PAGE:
In Australia, approval of a major coal project that planned to be right on the doorstep of the Great Barrier Reef was overturned by the Federal Court. This was followed by major banks pulling out their investment leaving Adani, the company behind the mine, in a major ditch. But the fight isn’t over - Adani has been persistent - and the power and passion to protect the Reef will continue to grow.

Over 145,000 have signed the petition to #SavetheReef, that led to major banks pulling out of investing in a coal project that would have endangered Australia’s rich marine life and made serious carbon emissions. 

2. You joined Greenpeace activists to say #ShellNo!

Slacktivism is lazy right? WRONG!

When 13 Greenpeace USA activists suspended from St. Johns Bridge in Portland to block a Shell vessel from leaving port for Alaskan waters, you supported them with your Tweet love, Facebook shares, petition signing, and all the encouraging messages that poured into our inbox. Because of your support, the ship was forced to turn back to port temporarily.

13 climbers vs 1 giant ship. But in the end #PeopleVsShell won!

In the UK, Aurora our giant polar bear was erected outside Shell’s headquarters and refused to move until they agreed to pull out of drilling in Arctic. And then…they did!

Actor Emma Thompson and Greenpeace activists with Aurora, the polar bear. In September, Shell quit drilling in the Arctic.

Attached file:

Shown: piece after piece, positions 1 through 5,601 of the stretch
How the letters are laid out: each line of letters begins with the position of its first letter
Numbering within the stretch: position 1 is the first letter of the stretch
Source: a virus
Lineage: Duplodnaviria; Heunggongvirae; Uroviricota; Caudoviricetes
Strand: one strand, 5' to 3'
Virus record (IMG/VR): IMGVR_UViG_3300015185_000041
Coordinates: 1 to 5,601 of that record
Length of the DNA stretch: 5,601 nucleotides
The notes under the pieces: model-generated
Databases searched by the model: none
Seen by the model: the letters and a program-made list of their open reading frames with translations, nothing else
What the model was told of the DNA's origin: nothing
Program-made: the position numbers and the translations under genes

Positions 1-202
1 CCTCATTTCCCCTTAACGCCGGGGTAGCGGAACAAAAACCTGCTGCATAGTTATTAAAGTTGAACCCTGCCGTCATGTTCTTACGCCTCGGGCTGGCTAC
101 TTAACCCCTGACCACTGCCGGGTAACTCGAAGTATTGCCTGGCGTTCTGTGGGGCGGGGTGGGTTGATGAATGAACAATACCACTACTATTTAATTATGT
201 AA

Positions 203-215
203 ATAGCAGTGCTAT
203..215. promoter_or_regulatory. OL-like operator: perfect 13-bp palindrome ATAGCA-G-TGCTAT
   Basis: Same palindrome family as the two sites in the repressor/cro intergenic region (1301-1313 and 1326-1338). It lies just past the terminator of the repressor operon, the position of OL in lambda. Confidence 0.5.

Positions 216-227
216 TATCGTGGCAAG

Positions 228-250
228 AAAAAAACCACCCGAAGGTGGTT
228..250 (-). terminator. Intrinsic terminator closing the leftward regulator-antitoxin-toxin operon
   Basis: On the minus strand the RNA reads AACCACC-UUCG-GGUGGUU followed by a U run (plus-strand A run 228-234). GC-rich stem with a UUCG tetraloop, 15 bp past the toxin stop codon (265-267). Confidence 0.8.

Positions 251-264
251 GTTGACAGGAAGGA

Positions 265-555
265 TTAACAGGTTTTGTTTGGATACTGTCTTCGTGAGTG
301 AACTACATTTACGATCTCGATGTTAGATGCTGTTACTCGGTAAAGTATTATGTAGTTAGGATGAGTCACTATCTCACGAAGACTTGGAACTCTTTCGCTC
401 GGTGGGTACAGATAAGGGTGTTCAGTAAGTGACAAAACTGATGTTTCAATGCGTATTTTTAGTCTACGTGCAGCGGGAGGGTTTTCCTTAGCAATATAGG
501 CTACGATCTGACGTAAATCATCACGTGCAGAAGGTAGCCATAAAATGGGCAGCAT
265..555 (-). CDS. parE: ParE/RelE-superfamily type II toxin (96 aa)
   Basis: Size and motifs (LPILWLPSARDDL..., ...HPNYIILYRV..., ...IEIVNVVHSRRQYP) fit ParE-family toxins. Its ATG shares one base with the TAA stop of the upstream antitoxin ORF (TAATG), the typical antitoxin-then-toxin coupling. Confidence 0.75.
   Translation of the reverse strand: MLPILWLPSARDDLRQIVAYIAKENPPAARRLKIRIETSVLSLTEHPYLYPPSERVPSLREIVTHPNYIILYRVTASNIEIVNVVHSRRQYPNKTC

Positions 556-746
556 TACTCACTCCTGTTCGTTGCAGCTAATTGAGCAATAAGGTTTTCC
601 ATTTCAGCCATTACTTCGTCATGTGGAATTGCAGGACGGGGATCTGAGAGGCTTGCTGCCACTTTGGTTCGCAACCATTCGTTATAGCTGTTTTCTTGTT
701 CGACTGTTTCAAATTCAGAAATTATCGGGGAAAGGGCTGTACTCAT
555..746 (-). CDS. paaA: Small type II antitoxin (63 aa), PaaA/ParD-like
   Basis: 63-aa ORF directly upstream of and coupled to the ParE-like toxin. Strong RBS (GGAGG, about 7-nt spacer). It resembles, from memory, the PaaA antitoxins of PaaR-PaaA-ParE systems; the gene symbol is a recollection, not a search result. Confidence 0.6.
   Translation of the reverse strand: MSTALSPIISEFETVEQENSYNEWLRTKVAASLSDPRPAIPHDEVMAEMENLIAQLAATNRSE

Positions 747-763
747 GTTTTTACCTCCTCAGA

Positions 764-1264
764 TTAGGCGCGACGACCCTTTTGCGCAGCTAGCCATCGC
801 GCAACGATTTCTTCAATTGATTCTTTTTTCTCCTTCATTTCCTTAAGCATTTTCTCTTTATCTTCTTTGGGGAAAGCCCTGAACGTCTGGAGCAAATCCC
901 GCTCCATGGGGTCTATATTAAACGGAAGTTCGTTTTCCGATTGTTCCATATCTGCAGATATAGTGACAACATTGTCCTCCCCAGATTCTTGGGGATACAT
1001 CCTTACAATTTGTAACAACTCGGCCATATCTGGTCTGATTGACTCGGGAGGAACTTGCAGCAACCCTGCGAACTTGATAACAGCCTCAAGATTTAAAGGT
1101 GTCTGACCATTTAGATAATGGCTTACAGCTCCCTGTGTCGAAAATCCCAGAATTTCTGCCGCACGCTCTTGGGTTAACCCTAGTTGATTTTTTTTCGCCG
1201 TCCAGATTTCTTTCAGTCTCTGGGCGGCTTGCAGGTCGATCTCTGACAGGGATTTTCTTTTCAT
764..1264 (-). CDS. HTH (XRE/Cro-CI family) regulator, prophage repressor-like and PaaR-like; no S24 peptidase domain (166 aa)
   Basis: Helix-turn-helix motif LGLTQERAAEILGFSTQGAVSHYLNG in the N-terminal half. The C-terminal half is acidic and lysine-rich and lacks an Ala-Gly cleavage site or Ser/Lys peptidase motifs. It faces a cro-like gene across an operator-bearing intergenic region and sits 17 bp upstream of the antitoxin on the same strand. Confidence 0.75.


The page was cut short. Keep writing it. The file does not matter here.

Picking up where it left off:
3. You saved the little guys…

…like the vaquitas. These rare species of porpoise are on the cusp of becoming extinct due to them being caught up in nets intended for another endangered fish - the totoaba.

But 100,000 of you stood up and demanded the vaquitas be protected. USA and China agreed to tackle the smuggling of the totoaba fish, and Hong Kong fined the operators of two dried seafood shops that sell bladders of the endangered fish.

These totoaba bladders can fetch up to USD 645,000. But you’ve helped pressure governments to end trafficking this product. 

Mexico announced a temporary ban on fishing nets in the vaquita habitat. Though the rare marine mammals need more protection from all countries involved, we’re closer than ever to protecting them.

Only 57 vaquita are left in the world. Thanks for helping protect them. 

4. …and the big guys too.

Indonesia’s forest fires have been labelled a “crime against humanity”, driven by companies clearing land for palm oil and endangering the lives of the orangutan.

But hundreds of thousands of you took action to force major brands including Nestlé, Unilever, P&G and Mattel to cease buying the products linked to deforestation. As a result, Indonesian paper giant APRIL this year agreed to stop pulping the rainforest.

Thanks for help protecting the home of the orangutan!

As the fires continued throughout the year, you also helped us pressure President Jokowi to stop the fires for good, and we delivered over 250,000 of your messages to the man himself.

At the COP21 climate talks in Paris we handed over a petition signed by 253,800 people around the world to halt forest and peatland destruction. Thank you!

5. You lent a small hand in a big fight

Russia also suffered from fires and land clearing, and your support helped us send firefighters out there to battle the blazes.

In November, the Russian government banned the burning of dry grass on agricultural land and conservation areas.

Stopping dry grass fire took 6 years, and this year it finally happened!